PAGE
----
This is Part 2 of a 3-part series, Help Your Child Have a Ball in Sports, brought to you by AER, the first Automatic Ball Pump.
Does your child ever struggle with mental focus during a game? With young children, the attention span is understandably short and that’s why sports for small kids must be packed full of fun.
But once your child has been playing for awhile and has started working on developing ball handling skills through repetition and hard work, mental focus becomes an important skill as he strives to take his game to the next level.
What distracts your child? What causes her to lose focus in a game?
There’s a lot going on at youth sports games:
- parents yelling
- teammates joking
- coaches instructing
- sun in your child’s eyes
- frustration at mistakes by your child or a teammate
- heckling by opponents
- fear of failure
The list is endless, really.
Telling your child to just go out and have fun may be said with the best of intentions, but let’s be honest. There’s a lot that could keep that from happening!
How can you help your child learn to focus while playing youth sports?
Keep the Fun in Sports
Let’s start with the obvious: FUN.
It’s been proven that the more fun an athlete is having, the more they will learn and the better they will perform. Fun must be present for peak performance from youth to professional sports. When a child stops having fun and begins to dread practice or competition, it’s time for you as a parent to ask some hard questions. If your child does not enjoy what she is doing, she will lose focus.
Remind Your Child to Compete Against Him/Herself
When an athlete learns to challenge himself and pay more attention to her own performance than she does to the performance of her opponents, she will find it easier to focus. Children should be encouraged to compete against their own potential (give them a name if you’d like: Paul and Paula Potential). Have your child focus on beating “Paul” or “Paula”, competing against herself. When your child plays to better herself instead of beating someone else, she will be more relaxed, have more fun and undoubtedly perform better.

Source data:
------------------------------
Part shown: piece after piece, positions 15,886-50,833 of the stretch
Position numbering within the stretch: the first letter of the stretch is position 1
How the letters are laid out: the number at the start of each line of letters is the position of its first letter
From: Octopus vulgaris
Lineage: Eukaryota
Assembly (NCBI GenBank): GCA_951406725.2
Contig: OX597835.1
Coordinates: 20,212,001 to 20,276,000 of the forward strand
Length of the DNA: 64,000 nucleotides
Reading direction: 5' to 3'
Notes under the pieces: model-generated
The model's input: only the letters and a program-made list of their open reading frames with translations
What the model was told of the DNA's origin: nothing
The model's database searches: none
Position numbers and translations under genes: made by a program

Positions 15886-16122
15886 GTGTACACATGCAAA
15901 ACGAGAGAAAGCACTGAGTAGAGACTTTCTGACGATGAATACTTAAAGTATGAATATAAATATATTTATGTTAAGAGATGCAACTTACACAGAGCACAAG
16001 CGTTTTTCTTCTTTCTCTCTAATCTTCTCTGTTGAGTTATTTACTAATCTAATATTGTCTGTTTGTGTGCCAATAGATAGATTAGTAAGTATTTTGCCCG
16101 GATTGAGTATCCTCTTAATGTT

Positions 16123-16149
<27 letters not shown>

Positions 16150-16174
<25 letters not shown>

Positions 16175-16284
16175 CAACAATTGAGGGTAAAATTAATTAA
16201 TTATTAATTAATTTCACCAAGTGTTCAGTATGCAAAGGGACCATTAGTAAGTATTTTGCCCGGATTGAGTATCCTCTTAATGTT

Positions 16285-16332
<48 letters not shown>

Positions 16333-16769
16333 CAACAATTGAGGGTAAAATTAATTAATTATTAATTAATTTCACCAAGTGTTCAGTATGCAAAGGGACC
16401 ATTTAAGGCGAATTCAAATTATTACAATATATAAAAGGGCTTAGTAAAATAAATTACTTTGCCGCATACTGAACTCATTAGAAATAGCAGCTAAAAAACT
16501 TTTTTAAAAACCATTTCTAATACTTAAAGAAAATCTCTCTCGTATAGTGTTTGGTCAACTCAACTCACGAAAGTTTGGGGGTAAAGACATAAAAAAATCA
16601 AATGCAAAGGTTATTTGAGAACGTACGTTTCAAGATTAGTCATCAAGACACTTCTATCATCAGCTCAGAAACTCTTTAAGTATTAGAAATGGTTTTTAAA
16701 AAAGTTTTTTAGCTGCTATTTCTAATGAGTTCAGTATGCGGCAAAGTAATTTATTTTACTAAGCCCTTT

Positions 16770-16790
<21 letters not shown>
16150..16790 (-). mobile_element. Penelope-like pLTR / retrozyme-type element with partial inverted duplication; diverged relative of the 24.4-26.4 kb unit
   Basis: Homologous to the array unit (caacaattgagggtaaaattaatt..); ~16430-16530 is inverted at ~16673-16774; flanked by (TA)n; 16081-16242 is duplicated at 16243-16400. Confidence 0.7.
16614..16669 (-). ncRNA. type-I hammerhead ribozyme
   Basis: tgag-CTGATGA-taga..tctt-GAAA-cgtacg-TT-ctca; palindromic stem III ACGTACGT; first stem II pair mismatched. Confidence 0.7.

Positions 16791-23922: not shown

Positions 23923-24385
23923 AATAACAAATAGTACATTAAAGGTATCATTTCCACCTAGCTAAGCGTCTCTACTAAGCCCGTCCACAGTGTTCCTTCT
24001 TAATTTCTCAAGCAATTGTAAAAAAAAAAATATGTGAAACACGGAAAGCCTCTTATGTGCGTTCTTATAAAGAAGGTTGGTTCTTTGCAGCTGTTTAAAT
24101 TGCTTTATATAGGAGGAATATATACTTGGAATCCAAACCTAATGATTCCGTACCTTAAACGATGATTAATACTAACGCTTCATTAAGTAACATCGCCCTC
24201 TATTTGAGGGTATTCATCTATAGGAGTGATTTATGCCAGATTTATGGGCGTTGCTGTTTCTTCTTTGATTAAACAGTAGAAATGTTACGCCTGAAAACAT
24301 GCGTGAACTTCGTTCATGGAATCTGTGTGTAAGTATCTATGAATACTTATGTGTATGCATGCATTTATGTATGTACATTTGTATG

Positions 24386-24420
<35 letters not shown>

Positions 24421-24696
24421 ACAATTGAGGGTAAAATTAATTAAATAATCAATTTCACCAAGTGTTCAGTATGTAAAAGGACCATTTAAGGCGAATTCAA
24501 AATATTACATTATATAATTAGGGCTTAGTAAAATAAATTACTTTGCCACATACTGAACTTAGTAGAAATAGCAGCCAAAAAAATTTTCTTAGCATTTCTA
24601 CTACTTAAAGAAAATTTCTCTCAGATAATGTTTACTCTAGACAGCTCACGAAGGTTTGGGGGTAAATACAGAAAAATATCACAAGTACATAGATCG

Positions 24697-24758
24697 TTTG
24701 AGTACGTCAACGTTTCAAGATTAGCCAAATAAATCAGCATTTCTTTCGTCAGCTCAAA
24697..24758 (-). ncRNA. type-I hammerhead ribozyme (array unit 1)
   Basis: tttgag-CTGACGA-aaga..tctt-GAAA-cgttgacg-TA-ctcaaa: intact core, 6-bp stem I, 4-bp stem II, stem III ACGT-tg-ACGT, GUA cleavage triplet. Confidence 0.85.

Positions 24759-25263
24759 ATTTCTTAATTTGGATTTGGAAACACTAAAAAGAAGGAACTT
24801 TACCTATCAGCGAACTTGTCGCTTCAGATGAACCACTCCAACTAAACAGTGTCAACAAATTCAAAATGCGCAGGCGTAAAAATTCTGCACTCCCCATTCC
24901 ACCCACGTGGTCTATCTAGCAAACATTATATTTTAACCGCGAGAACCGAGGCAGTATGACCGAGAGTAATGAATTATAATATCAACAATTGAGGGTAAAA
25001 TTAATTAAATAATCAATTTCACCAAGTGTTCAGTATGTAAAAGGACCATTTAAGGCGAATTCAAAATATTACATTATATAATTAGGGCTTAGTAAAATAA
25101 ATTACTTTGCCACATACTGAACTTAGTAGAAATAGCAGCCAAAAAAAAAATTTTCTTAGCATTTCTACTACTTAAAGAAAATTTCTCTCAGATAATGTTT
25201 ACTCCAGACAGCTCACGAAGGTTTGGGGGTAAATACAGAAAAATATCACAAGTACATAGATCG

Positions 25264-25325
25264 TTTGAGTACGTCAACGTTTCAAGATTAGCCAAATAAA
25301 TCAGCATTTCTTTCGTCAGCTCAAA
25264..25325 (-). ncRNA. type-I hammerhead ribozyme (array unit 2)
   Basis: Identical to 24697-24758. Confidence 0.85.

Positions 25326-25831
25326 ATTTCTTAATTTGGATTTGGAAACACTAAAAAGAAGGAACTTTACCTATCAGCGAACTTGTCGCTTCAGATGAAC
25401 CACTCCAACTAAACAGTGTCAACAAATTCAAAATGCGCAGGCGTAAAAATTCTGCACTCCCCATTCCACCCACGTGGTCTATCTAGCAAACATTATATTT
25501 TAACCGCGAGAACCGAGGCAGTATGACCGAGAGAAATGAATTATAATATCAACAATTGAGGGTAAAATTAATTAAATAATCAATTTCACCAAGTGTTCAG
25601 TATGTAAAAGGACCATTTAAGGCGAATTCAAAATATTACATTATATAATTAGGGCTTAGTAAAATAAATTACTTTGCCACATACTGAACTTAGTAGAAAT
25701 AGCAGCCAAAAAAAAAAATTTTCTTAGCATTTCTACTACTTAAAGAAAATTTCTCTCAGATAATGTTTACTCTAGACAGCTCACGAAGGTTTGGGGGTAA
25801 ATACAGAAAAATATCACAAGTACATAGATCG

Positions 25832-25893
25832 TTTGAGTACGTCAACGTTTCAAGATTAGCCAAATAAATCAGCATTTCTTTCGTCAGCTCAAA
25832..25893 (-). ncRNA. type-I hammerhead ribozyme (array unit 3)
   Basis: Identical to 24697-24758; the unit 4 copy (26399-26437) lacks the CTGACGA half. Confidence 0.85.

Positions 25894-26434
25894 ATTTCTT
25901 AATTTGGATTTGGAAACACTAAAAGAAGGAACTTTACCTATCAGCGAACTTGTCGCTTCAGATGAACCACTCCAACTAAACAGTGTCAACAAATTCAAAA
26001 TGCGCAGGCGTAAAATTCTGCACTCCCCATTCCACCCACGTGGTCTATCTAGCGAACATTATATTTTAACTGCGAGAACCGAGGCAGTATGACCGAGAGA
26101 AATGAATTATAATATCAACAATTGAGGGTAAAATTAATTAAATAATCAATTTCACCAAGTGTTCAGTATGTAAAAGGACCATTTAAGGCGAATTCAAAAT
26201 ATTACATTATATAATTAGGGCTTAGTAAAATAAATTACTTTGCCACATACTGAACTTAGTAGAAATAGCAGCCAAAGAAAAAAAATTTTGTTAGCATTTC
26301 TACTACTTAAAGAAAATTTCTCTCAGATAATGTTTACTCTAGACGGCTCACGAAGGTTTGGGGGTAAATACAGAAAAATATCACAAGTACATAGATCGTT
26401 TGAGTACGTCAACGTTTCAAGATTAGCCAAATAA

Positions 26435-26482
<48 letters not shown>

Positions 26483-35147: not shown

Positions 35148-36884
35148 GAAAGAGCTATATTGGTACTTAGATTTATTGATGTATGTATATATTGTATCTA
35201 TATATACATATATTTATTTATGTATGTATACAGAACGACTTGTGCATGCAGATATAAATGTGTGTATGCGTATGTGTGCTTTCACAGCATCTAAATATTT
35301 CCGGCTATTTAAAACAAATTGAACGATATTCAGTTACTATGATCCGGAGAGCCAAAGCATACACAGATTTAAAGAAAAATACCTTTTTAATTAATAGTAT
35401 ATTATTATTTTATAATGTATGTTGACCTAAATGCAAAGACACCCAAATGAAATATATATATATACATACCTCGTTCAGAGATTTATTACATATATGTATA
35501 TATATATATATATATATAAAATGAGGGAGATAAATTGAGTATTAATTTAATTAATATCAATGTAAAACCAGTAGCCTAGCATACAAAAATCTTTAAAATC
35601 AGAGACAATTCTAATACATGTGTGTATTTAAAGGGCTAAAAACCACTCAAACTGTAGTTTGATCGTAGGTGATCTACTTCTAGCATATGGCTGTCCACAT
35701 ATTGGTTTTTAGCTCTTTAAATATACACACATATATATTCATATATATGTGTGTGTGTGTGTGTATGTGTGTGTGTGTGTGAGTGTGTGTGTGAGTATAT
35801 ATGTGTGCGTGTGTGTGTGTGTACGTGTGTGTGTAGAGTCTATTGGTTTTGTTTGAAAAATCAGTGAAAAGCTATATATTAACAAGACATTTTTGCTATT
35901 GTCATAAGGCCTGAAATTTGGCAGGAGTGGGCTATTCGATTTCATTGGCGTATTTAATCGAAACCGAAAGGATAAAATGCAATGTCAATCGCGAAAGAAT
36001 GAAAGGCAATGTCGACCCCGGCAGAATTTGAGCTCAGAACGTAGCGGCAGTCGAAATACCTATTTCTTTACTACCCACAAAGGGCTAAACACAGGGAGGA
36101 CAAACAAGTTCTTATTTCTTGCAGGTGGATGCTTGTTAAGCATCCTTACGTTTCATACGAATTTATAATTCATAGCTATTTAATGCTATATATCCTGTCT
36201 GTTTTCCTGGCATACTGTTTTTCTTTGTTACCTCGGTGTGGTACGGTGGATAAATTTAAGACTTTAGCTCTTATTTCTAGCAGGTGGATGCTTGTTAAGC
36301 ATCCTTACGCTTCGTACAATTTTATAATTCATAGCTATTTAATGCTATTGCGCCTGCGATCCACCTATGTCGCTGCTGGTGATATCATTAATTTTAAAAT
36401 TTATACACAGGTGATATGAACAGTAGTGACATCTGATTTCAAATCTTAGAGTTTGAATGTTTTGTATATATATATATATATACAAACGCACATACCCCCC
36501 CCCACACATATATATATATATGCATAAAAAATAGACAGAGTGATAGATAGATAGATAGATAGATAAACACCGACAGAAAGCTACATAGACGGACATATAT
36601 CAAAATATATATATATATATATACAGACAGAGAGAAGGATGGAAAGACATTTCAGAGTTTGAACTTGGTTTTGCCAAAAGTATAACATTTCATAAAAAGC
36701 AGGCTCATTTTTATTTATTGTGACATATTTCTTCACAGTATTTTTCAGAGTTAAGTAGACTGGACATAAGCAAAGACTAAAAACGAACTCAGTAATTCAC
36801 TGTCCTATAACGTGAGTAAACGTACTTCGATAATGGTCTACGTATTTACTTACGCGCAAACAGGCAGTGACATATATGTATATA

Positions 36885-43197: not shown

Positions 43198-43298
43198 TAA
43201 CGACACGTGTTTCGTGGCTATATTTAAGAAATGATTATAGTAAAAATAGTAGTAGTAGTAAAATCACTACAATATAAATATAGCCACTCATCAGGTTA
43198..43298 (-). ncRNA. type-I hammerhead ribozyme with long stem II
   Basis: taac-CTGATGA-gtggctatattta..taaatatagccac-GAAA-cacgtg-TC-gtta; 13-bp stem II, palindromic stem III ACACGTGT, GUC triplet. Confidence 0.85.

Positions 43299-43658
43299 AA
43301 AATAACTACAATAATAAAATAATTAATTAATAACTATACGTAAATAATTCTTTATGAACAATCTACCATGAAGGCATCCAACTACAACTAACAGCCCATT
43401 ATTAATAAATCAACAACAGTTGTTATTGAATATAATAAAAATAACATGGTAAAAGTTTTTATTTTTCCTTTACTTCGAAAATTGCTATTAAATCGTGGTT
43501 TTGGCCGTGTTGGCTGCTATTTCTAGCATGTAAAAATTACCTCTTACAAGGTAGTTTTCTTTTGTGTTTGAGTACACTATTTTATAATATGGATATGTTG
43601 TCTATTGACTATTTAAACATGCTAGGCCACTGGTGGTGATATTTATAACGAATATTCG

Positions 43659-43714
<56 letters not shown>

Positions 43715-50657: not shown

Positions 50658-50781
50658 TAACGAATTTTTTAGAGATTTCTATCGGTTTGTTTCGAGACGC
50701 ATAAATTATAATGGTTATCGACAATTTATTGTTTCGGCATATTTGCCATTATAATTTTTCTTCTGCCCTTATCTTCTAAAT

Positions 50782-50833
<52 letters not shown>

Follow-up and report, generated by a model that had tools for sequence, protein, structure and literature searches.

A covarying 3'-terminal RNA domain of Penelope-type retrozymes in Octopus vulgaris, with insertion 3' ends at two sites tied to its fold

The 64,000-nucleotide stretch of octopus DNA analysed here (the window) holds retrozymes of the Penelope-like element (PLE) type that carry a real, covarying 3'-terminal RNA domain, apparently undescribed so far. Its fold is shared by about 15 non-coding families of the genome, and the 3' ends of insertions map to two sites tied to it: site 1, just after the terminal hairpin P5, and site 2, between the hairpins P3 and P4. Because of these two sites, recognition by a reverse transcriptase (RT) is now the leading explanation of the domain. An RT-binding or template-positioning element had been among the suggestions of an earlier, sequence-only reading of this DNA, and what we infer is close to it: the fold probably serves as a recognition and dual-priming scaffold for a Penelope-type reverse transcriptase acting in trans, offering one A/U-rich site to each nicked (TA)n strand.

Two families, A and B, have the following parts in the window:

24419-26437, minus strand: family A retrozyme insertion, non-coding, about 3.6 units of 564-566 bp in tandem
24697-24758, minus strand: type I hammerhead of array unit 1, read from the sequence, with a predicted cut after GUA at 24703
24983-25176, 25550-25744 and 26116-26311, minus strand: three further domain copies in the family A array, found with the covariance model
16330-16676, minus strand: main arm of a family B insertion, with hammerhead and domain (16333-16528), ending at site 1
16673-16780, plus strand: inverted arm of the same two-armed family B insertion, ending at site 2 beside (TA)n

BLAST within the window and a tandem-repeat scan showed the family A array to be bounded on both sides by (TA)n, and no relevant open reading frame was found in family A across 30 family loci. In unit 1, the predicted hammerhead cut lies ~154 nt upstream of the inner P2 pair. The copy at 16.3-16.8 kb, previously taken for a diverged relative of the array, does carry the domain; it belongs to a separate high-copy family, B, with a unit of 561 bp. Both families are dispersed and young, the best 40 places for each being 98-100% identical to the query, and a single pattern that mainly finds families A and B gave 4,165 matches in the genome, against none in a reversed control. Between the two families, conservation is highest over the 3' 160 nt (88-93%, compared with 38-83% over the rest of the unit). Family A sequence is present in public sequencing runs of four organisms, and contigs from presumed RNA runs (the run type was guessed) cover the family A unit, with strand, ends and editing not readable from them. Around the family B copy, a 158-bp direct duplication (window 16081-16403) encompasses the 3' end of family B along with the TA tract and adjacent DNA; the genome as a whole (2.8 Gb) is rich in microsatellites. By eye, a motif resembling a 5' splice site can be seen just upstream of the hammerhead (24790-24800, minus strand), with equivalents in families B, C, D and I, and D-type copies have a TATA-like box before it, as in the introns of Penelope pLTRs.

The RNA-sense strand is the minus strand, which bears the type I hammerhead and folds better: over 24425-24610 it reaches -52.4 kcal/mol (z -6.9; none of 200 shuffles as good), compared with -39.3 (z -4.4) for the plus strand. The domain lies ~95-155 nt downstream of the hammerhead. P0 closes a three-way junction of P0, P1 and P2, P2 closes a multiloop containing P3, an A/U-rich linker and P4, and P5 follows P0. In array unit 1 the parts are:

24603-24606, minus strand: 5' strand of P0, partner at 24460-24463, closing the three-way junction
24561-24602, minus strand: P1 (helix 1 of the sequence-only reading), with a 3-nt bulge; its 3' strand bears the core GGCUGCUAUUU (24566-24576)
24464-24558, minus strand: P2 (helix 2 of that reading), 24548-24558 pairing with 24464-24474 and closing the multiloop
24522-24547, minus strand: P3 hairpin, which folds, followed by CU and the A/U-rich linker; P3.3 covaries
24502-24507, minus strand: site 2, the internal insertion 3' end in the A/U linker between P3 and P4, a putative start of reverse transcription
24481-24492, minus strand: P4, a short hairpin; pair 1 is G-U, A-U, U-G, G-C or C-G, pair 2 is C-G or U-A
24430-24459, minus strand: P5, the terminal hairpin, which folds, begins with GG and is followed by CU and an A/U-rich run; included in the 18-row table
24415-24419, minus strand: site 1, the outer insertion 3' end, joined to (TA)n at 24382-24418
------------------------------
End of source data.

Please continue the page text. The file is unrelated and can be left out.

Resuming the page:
Help Your Child Emphasize Process, Not Outcome
Focusing on the outcome is a big distraction when it causes an athlete to skip over the process. In any peak performance, the athlete is oblivious to outcome and is absorbed in the moment of the game. An outcome focus will distract and tighten up the athlete, resulting in a bad performance.
Yes, Keep Your Eye On The Ball
Men’s Fitness Magazine affirmed what we’ve all heard for years: it’s important to keep your eye on the ball. They cite a study where researchers followed 20 golf novices as they learned how to putt. People who focused on the movement of the ball had better success. While the study was done with golf putting, it’s likely to work for learning motor skills for other sports. The trick is to keep watching the ball to the point of impact. (And be sure that the ball is properly inflated with AER!)
Teach “Centering” Techniques
Centering techniques focus on breathing. When I was pregnant I went to Lamaze classes where I learned breathing techniques that would help me focus and endure the pain of childbirth. Although breathing didn’t dull the pain, it did help get through the labor experience with some sense of control.